Immunotherapy Brings New Hope for Advanced Head and Neck Cancer Patients

Immunotherapy

For this 78-year-old patient, it seemed like the end of the line. His battle with cancer started two years ago when he was first diagnosed with early stage tonsil cancer. Within six to eight months, the disease had already spread to his lungs.

The patient received chemotherapy and radiation therapy, and for a time, the cancer seemed to have responded to the treatments. But less than half a year after the last cycle, the cancer came back.

This is one unfortunate case of head and neck cancer, which covers cancers of the mouth, nose, sinuses, salivary glands, throat, and lymph nodes in the neck.

“In head and neck cancer, over 90% of patients come in the early stages of the disease, because usually symptoms are in the mouth, the throat, or in the neck lymph node, which can easily be seen,” said Prof. Morteza Aghmesheh, an oncologist and cancer researcher from the Wollongong Hospital in Australia.

“Our problem is the rate of recurrence – it is very high. In more than half of the patients, the cancer recurs, and only 40% of the patients get to live for five more years,” he added.

Morteza shared these in a recently-held symposium attended by cancer experts, clinicians, and stakeholders such as the Department of Health and the Philippine Alliance of Patient Organizations, to discuss updates and innovations on early cancer detection, treatment, and patient and caregiver support.

During his sharing on head and neck cancer, Aghmesheh said that under usual circumstances, this 78-year-old patient would be out of options: “Only 5% of head and neck cancer patients respond to the second line of chemotherapy, and the median life expectancy is down to six months. Also, given his history, this patient was no longer a candidate for radiation and he was not a candidate for surgery. This patient would have been dead.”

AghmeshehFortunately, he received a new form of cancer therapy that was approved around the time that his relapse was discovered. This treatment was called immunotherapy and it was applied through an immune checkpoint blocker called pembrolizumab. Unlike the mechanism of chemotherapy, immunotherapy fights the cancer by enabling the immune system to recognize and fight cancer cells.

Today, two years after his first immunotherapy treatment started, the patient is alive and shows no symptoms, Aghmesheh reported.

“The interesting thing about immunotherapy is, when a patient is responsive to it, he or she will usually continue to receive benefits from the treatment. So when you follow these patients for two years, you’ll find that 70 to 80 percent of them remain responsive to the treatment. That is not the case with chemo,” Aghmesheh said.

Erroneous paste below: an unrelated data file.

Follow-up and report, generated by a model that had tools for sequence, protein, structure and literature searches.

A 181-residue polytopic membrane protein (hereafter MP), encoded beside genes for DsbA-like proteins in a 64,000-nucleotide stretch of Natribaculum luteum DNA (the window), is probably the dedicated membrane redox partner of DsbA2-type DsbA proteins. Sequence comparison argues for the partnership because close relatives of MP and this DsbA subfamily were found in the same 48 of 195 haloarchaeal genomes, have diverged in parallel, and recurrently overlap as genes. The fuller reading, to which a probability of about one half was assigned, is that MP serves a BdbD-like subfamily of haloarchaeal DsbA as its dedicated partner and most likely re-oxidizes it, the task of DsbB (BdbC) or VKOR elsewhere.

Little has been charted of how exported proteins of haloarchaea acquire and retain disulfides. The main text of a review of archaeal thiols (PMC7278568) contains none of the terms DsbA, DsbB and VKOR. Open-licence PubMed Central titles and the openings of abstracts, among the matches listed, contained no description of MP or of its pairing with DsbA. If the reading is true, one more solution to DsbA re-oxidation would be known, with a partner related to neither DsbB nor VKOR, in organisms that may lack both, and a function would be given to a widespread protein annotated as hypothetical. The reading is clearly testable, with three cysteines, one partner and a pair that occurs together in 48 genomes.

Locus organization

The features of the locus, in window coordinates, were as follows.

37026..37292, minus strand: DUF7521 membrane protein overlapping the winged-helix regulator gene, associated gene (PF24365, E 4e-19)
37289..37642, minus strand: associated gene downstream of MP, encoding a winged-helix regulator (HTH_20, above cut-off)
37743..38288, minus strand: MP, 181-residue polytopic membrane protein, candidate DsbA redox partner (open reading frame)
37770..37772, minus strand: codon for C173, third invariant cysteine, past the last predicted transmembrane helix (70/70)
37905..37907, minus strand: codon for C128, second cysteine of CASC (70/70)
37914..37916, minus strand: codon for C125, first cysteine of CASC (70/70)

The difference, he explained, is that chemotherapy directly targets the cancer cells in a process that also harms other healthy cells, inevitably causing a multitude of undue effects. Immunotherapy, on the other hand, strengthens the immune system so it is able to fight the cancer. The immune system remembers the cancer cells and attacks them when the cancer recurs.

A second case described by Aghmesheh involved a 60-year-old patient—also diagnosed with cancer recurrence—who had so much pain in his right jaw that he needed a high-dose opioid patch to drive up levels of the feel-good hormone dopamine. But even then, his pain was poorly controlled.

“After three rounds of pembrolizumab, he started to say, ‘I don’t feel any pain.’ So I started to reduce his analgesia. Within four months, he was no longer on any painkiller. His scans show his lymph nodes are continuously shrinking. There’s a good chance that in the next few months he will have complete remission,” said Aghmesheh.

Aghmesheh added that similar results are being seen in other fields of cancer treatment, such as lung cancer and melanoma. Disabling symptoms disappear, sometimes as early as the second or third dose. Most importantly, most of the patients that respond positively continue to do so.

“In cancer treatment, we are now talking about getting a portion of advanced cancer patients that have high potentials of being cured and it was previously unheard of,” added Aghmesheh.

Today, in the Philippines, pembrolizumab is already approved for the treatment of head and neck squamous cell carcinoma, non-small cell lung cancer, melanoma, gastric cancer, urothelial cancer, and classic Hodgkin’s lymphoma. Potential patients may consult their medical oncologist to learn more about immunotherapy.

For assistance, the Philippine Charity Sweepstakes Office (PCSO) is accepting applications, granting up to 55% percent subsidy to qualified applicants.

Share This!Share on FacebookShare on Google+Tweet about this on TwitterShare on LinkedIn